Test characteristics of the aldosterone-to-renin ratio as a screening test for primary aldosteronism
SourceJournal of Hypertension, 32, 1, (2014), pp. 115-126
Article / Letter to editor
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Journal of Hypertension
SubjectRadboudumc 16: Vascular damage RIHS: Radboud Institute for Health Sciences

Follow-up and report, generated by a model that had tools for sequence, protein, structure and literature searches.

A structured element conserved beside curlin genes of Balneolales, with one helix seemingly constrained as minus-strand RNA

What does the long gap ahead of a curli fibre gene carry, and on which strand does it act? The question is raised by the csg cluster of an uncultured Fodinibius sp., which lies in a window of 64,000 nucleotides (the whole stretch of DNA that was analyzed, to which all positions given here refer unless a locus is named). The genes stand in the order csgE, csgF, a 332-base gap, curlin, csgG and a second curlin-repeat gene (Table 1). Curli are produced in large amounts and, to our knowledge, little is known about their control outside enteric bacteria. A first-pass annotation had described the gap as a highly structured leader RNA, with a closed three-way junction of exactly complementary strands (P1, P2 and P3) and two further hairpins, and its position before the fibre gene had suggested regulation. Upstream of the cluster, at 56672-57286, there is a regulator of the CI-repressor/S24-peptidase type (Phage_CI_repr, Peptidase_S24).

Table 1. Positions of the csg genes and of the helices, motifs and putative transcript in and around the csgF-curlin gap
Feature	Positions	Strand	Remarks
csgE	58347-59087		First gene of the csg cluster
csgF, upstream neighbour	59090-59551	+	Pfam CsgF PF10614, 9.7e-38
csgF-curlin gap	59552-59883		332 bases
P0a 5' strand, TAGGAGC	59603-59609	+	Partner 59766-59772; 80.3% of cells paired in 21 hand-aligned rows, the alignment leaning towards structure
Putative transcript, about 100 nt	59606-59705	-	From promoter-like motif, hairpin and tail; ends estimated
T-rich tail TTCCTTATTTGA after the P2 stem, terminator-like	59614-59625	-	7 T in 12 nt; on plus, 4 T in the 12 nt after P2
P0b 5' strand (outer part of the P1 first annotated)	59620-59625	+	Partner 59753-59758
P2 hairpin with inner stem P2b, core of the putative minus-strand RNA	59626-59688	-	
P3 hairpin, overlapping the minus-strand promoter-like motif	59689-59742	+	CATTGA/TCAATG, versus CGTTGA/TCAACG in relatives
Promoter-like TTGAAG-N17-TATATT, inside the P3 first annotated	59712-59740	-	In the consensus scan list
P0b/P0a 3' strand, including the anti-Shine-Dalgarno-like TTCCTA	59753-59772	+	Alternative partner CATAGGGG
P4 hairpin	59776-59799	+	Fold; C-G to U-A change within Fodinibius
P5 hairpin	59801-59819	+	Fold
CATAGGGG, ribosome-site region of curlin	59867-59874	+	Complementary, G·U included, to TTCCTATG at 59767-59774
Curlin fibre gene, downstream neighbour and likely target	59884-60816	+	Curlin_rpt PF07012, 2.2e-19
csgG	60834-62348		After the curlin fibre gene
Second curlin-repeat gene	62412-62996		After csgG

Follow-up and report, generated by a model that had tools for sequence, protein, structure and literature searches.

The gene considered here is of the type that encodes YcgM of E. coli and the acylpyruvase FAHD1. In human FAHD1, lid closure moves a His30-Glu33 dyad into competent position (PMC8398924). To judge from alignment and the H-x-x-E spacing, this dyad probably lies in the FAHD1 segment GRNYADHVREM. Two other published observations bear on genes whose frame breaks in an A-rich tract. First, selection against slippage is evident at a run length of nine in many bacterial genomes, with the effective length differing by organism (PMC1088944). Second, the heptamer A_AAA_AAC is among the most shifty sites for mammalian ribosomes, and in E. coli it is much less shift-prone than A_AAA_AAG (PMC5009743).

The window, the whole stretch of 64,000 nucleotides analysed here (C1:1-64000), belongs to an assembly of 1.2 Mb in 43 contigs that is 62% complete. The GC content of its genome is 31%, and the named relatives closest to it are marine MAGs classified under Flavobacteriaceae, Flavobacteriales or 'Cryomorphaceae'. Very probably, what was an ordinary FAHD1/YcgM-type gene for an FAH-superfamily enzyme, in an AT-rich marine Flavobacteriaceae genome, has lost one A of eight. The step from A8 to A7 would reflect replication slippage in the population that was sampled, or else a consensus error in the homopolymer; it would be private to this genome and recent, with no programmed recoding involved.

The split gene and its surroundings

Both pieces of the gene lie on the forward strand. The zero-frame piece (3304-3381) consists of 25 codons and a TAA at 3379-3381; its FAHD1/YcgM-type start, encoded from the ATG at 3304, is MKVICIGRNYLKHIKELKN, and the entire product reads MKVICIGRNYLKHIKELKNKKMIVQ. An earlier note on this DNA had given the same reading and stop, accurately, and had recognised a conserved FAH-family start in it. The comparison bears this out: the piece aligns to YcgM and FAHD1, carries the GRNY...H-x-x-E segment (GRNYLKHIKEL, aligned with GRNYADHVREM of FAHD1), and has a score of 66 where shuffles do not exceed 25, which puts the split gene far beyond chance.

BACKGROUND: The aldosterone-to-renin ratio (ARR) is a widely used screening test for primary aldosteronism. Current guidelines recommend a cut-off value of 91 pmol/mU. Studies on its sensitivity, specificity, reproducibility and the role of medication have been conflicting. We prospectively assessed the test characteristics of the ARR and the effect of combination antihypertensive treatment. METHODS: In 178 patients with persistent hypertension despite the use of at least two antihypertensives, plasma renin and aldosterone were assessed twice within an interval of 4 weeks. All patients underwent an intravenous salt loading test. A posttest plasma aldosterone exceeding 235 pmol/l was considered diagnostic for primary aldosteronism. ARR was repeated after 4 weeks of standardized treatment with a calcium channel blocker and/or alpha-adrenergic-receptor blocker. RESULTS: The prevalence of primary aldosteronism was 15.2%. The median ARR was 35.0 (interquartile range 16.2-82.0) in primary aldosteronism versus 7.1 (2.2-17.5) pmol/mU in essential hypertensive patients (P < 0.001). Under random medication, the ARR had 22.2% sensitivity and 98.7% specificity. On standardized treatment, the ARR rose from 9.6 (2.5-24.8) to 21.4 (10.8-52.1) (P < 0.001). Multivariate regression showed that angiotensin-converting enzyme (ACE)-inhibitors and angiotensin II-receptor blockers were responsible for the lower ARR during random treatment. The area under the receiver operating characteristic curve was, however, similar under random and standardized treatment (84 vs. 86%, respectively, P = 0.314). Bland-Altman plots showed an almost five-fold difference in ARR values taken under the same conditions. CONCLUSION: ARR sensitivity for primary aldosteronism is low when the recommended cut-off is used. Reproducibility is also poor, stressing the need for alternative screening tests.
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